WorldMaps and Virtual Earth

Some might think this is a long overdue piece of functionality, but at long last, I've got a working sample of integrating WorldMaps and Virtual Earth.  I demonstrated how this works in a recent MSDN Roadshow Chad and I completed recently in Charlotte. 

To check out how this works, you can see my modified stats page here:

If you're using WorldMaps, just point to worldmapv2.aspx instead of worldmap.aspx for the reporting page.  Eventually I'll roll the functionality back into the original version.

Near the top of the page, there's a Virtual Earth link that will display this version of the map.  Click this link, and when the Virtual Earth version loads, you can browse and zoom the map interactively.  

Now, the big problem with regards to my service and Virtual Earth is that I can't load potentially tens of thousands of hits simultaneously.  To get around that problem, I group all of the hits and IPs by latitude/longitude, and display the top 250 in the given view of the map.   

When the map loads or when the view changes (for example, the map is scrolled or zoomed), I ping a web service that determines the top 250 hits given the current dimensions of the map.  (250 seems to be a safe number to work with -- but it's arbitrary.  I could just as well pick 150 or 500, but I'm treading carefully based on the performance I see.)  So as you zoom in, you'll see more hits that would otherwise not be shown on a world map.  While this is primarily for performance, it's also effective at reducing clutter.

Another cool feature is that each hit will display the number of hits at that point, as well as the number of IPs coming from that location.  Cool, huh?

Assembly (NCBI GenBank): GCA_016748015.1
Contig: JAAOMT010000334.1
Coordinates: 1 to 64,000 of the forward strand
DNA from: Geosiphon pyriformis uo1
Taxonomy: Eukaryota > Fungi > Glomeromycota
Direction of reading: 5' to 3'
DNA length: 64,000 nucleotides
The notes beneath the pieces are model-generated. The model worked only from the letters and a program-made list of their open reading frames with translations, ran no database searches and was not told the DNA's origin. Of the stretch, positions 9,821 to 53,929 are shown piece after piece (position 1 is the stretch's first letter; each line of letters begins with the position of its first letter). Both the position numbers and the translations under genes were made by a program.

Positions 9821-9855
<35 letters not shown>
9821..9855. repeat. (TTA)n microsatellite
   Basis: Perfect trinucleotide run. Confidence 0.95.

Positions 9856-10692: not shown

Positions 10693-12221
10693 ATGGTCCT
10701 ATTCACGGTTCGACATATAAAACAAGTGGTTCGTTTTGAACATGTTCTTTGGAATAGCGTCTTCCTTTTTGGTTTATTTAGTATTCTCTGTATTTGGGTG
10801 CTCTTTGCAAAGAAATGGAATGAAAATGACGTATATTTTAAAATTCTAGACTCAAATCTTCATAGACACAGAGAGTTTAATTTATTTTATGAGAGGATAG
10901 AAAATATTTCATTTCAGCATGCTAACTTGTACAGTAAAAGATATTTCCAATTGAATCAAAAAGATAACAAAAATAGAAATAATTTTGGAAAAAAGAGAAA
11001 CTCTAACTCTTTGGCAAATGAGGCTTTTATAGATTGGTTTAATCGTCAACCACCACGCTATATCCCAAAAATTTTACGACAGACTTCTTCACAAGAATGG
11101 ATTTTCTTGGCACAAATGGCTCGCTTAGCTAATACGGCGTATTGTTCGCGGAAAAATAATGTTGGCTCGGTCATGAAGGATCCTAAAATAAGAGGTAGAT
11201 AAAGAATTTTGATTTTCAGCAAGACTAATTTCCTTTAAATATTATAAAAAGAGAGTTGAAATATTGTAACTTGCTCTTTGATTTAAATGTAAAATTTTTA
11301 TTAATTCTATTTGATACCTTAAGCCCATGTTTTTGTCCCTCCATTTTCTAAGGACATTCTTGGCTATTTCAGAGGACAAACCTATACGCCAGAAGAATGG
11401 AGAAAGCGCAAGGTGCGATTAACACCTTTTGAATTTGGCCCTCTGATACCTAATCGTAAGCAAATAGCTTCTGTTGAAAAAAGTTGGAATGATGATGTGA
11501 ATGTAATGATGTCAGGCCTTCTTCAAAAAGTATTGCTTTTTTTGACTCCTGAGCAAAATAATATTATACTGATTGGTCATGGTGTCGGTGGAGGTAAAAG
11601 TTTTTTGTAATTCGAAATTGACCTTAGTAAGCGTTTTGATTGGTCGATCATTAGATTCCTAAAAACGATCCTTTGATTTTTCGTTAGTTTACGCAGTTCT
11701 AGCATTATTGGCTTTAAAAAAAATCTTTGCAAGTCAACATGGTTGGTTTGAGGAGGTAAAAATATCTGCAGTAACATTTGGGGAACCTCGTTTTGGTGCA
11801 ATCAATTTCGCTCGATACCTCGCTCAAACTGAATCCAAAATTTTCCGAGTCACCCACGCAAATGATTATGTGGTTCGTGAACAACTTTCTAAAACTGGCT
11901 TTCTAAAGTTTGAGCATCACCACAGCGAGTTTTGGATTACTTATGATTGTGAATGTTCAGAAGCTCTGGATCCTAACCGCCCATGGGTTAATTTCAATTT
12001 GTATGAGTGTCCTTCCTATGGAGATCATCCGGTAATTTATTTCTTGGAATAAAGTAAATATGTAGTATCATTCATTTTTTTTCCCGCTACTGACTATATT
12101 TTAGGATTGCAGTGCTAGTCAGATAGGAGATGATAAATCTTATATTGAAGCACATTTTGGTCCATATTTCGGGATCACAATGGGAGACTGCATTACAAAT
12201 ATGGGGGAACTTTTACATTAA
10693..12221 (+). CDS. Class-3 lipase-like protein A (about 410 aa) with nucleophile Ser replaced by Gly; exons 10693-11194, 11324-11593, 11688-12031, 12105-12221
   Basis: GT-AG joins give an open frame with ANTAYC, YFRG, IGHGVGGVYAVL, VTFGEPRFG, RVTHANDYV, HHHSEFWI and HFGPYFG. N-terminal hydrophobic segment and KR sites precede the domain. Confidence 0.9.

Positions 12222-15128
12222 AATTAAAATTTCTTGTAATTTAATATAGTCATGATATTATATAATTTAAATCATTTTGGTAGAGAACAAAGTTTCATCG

Over the next few days (I hope), I'm going to blog how this is implemented.  It's straightforward, thanks to Virtual Earth and ASP.NET AJAX doing most of the heavy lifting.  More coming soon!

Comments (2) -

9/18/2007 5:21:37 AM #

Maybe when you group by latitude/longitude, you could have a fudge factor that grows as the map view zooms out.  That way points that are closer to each other would get grouped together as you zoom out and would break apart as you zoom in.  The trick is to figure out the fudge factor, though.

9/18/2007 12:15:28 PM #

Exactly.  What you're talking about is clustering, and coming up with a good algorithm to do this is difficult.  Most simple clustering groups points at given intervals (your fudge factor).  When the map is zoomed out enough, you've got more wiggle room as the perceived space shrinks so you can cluster larger areas together.  But as you zoom in, this gets more difficult.  All in good time, though!

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